- Understand the reasons for writing a solid README
- Determine what to include in a README
- Use your README as a tool for your eventual job search
Markdown: a lightweight markup language for creating formatted text using a plain-text editor; we use this for READMEs
README: a form of documentation for a project directory
In your breakout rooms…Pretend like you’re in an interview and your interviewer asks you to talk about your first paired project in Mod 1. Take turns responding to that prompt. Then discuss:
- What was easy about answering this question?
- What was difficult?
- What would make it easier for you to answer this question in the future?
We often think of READMEs as an afterthought in our projects, but they are SO important! Here are some ways that READMEs matter to you and your eventual job hunt:
- To an employer, your README is often the first impression of the work you’ve done
- Sometimes employers only scan the README and don’t even open the project
- Your README is how someone knows how to access your project (It should be written in a way that non-technical people can understand)
- The README documents your experience and process to an employer (which is way more important than the project itself!)
- Looking back at past READMEs is a great way to remind yourself of all you’ve done and prepare for interviews
- Taken cumulatively, your READMEs document your technical and professional growth
In your breakout rooms, look through the READMEs below. We’re going to go for first impressions here, so spend about 1 minute per README. Make some observations about the READMEs and add some stickies to this Jamboard
Let’s share some takeaways!
Here are some that we came up with:
- Too many images can make it too chaotic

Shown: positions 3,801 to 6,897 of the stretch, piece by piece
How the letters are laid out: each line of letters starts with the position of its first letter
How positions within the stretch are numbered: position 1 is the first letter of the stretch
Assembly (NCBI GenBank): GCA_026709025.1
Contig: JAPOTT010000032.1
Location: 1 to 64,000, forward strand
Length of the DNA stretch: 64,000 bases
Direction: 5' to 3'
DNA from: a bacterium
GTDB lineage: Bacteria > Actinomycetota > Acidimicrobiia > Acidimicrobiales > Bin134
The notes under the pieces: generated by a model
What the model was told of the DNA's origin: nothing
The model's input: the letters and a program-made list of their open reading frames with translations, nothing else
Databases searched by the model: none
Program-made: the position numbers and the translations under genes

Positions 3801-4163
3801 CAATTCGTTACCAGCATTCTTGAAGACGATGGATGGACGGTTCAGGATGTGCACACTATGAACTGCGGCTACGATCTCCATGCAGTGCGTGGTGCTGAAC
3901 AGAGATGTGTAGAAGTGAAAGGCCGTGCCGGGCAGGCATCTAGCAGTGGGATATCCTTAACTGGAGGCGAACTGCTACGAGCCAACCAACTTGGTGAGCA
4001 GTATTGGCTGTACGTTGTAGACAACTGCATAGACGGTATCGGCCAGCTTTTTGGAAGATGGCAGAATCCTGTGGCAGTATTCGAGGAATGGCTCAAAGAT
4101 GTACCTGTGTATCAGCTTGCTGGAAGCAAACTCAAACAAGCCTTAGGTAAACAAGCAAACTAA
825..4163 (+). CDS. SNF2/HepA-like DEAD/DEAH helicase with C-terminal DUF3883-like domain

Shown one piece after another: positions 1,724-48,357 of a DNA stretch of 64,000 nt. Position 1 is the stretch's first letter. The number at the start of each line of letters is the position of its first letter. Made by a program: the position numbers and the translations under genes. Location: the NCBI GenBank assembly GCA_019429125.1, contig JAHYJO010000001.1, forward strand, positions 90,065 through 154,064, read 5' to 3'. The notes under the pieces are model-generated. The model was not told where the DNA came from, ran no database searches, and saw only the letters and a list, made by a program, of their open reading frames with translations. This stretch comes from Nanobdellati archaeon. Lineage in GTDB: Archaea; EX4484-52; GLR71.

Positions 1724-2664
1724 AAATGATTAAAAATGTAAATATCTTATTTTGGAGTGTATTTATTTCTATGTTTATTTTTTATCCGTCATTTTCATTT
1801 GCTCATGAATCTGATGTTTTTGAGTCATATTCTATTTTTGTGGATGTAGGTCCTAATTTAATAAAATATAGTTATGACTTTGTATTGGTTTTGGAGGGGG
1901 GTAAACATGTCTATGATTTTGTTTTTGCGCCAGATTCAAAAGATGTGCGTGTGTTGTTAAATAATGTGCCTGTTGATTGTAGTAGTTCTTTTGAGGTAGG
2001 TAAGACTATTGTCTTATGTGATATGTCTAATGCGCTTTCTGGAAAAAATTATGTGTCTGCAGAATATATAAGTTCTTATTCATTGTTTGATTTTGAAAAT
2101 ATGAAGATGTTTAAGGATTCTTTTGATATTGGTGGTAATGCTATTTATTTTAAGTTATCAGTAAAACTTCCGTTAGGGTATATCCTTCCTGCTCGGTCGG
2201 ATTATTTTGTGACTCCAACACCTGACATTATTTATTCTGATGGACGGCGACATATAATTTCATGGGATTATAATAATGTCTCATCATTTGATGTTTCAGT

- When information isn’t shared in a logical order, it’s hard to follow
- Deploy links and install instructions should be one of the first things you see
- Lacking information can make it impossible to open the application or hit the endpoints
Now that we’ve judged other READMEs, let’s practice some humility and have some fun. Take a few minutes to look through your past project READMEs and find your worst one.
Your cohort is now competing for the prize of
Worst README! Raise your hand if you’d like to join the competition. Take turns screensharing and then vote for the worst!
Now recognize that we’re focused on growth here! Let’s get better!
So what should we include in a README? Well, it’s not a one-size-fits-all thing. Depending on your project, what you’re the most proud of, etc., you may want to highlight different things in your README. Here are some things we recommend including:
- Set Up Instructions
- Deploy Link (if applicable)
- Abstract/Elevator Pitch (what problem is app trying to solve?)
- Contributors (including who owned what pieces?)
- Links to Wireframe/Planning docs (if applicable)
- Tech Stack (including testing + accessibility)
- Context (time allotted, # of people, mod, learning goals)
- Wins/Challenges (personal or team)
- Future Additions (these should be entered as Issues and on your Project Board as well)
- ONE gif (show the highest impact feature of your app)
- You can add comments in your README for things you want to document but don’t want shown (just remember these are still viewable to everyone in the raw file)
Obviously including all of this would be a bit much. Think about - What do you want someone to know about this project AND what do you want to remember about this project?
Updating a README
Choose one README from a past project and make some updates to it based on what you’ve learned in this lesson.
Revisiting the Warm Up
In your breakout rooms…Pretend like you’re in an interview and your interviewer asks you to talk about the project you just updated your README for. Take turns responding to that prompt. Then discuss:
- Was this easier to answer than the Warm Up question? Why?
- What work do you need to do on your own to get your READMEs up to par?